Good and Bad Bakes

 Sourdoughs and SCOBYs  Comments Off on Good and Bad Bakes
Oct 262017
 

So Sue and I purchased a new oven and the oven and I are getting to know one another.
My first bakes turned out a lot of breads that didn’t brown very well.  This everything bagel (sesame, poppy, salt, and toasted garlic) tasted great.  They were very chewy and were really authentic, but alas, a little flat and pale.

 

This fancy recipe pumpkin sourdough looked fine enough, but there was a problem.  My longtime Cripple Creek sourdough (1893) had caught an infection.  Don’t ask: little filamentous things growing on top and cheesy smell.  I tossed it and in reviving a dried sample I had in storage I failed to wait a sufficient number of days before trying to bake with it.  The result was a pumpkin bread that looked good, but didn’t rise.

 

 

And these two loaves which also looked good but never cooked in the middle.  The same insufficiently mature sourdough meant the bread didn’t really spring in the oven. I was getting closer, however, to figuring out how to get the breads to brown in the new oven.

 

 

In the interim, Isaac and Delaney made sauerkraut (left) and kimchi (right), both natural fermentations, and both very tasty.

 

 

 

 

 

 

 

 

I got one bread to cook well in a cast iron pot.  Here you see it with a naturally cracked surface and a beautiful open crumb (those are all the holes you see inside the bread.)

And finally, the oven and I have begun coming to agreement.  Check out the ears on the cuts of this spelt-rye baguette.  When professional bakers score their breads they aim for a cut that peels back in the oven and toasts just a bit as it rises above the loaf.  My first success.

 

Secondhand Time by Svetlana Alexievich *** (of 4)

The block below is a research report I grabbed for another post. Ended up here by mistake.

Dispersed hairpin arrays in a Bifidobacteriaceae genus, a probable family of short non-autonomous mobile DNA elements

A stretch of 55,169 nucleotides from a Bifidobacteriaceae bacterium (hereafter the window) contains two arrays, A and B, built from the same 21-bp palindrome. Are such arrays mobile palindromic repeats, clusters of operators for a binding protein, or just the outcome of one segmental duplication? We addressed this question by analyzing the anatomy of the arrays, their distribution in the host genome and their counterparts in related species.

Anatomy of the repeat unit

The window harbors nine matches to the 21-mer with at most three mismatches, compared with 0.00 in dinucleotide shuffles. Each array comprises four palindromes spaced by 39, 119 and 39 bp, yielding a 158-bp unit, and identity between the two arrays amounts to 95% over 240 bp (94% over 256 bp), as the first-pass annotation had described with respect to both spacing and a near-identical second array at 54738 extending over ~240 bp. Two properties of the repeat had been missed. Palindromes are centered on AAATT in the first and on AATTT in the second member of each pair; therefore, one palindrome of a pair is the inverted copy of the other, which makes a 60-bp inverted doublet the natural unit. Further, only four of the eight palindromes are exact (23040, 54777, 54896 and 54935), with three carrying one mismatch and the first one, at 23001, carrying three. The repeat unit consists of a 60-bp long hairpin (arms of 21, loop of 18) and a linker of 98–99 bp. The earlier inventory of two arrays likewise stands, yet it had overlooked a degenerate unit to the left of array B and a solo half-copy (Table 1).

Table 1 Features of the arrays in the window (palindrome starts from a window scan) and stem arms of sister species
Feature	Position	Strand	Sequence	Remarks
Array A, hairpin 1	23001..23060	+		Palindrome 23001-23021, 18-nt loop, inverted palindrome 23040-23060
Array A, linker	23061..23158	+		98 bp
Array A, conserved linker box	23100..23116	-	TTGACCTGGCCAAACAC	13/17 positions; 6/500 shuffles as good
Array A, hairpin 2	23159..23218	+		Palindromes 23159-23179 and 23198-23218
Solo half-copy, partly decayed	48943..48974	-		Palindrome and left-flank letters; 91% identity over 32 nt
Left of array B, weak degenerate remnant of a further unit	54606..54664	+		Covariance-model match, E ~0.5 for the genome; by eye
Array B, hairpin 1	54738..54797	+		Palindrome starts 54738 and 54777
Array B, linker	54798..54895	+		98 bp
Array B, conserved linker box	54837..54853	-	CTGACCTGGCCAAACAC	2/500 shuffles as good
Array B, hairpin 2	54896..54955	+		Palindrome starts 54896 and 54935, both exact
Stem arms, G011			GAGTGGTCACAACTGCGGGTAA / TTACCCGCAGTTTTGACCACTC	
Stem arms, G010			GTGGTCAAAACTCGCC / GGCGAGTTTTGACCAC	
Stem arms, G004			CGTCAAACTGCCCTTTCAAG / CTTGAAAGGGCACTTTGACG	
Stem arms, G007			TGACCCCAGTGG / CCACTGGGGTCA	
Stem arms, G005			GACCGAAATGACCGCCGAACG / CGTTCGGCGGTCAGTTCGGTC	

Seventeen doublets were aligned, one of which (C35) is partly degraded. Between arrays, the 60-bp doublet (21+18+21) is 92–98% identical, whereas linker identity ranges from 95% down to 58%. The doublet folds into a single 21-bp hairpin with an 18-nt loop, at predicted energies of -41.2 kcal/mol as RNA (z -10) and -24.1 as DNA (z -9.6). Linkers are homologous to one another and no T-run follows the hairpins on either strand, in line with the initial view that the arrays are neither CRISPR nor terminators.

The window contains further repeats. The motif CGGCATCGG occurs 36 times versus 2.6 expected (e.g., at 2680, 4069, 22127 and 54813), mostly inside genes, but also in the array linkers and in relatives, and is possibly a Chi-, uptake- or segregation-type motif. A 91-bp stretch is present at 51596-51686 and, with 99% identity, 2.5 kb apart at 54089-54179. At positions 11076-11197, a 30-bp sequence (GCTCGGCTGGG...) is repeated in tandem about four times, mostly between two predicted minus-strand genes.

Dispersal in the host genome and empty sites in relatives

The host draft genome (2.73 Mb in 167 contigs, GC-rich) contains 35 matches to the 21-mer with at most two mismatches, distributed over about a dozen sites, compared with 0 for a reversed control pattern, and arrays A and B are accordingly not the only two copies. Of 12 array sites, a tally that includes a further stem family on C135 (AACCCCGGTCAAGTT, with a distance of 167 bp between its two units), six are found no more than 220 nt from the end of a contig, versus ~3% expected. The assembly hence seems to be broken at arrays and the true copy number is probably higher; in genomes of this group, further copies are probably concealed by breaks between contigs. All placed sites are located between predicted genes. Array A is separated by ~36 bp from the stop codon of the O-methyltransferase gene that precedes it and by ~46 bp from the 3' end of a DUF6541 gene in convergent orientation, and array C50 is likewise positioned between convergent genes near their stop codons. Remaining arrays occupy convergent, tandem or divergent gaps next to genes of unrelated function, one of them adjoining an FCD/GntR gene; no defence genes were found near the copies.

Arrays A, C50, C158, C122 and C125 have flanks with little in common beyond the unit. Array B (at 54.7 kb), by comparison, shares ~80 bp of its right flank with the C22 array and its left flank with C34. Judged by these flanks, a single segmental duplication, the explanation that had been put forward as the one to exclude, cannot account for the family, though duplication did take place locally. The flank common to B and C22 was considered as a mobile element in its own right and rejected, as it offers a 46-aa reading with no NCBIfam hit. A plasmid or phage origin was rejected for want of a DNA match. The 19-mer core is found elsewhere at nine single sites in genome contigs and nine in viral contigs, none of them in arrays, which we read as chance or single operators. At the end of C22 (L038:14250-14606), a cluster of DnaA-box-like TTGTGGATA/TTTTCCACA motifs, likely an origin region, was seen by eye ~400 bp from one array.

Asia, Book Reviews, History, NON FICTION, Prize Winner  Comments Off on Secondhand Time by Svetlana Alexievich *** (of 4)
Oct 262017
 

Alexievich won the Nobel Prize for her oral histories of Russia and the Soviet Union.  Secondhand Time includes exquisitely curated accounts of members of the Former Soviet Union beginning with old-timers that can still recall Stalin.  She speaks with citizens still longing for the stability Stalin’s rule ensured and intermingles enough survivors of the gulag to make clear that nothing was worth the bloodshed and destruction that accompanied Stalin’s tyranny. She continues with accounts from the post-Stalin era through the Yeltsin restoration of order and Gorbachev’s opening to capitalism.  Her interviewees make abundantly clear that replacing the communist ideal of equality for all with the frenzied shark attacks of capitalism has not been a smooth nor beneficial transition.  The oligarchs have profited beyond anyone’s wildest needs and the needy have been left to struggle to survive.  Young people that have never known anything but capitalism, according to their elders, worship materialism over community and mutual support.  Like many Russian pieces of literature, Secondhand Time is extensive and thorough, almost as if you were in kitchen after kitchen drinking Russian tea and then vodka deep into the night.  The final picture is masterful, with one caveat.  Alexievich never really describes her methods and there is some evidence that she has moved quotations from one speaker to another in different publications suggesting some of her books might be as much fiction as non-fiction.  That changes how you read her, I’m afraid.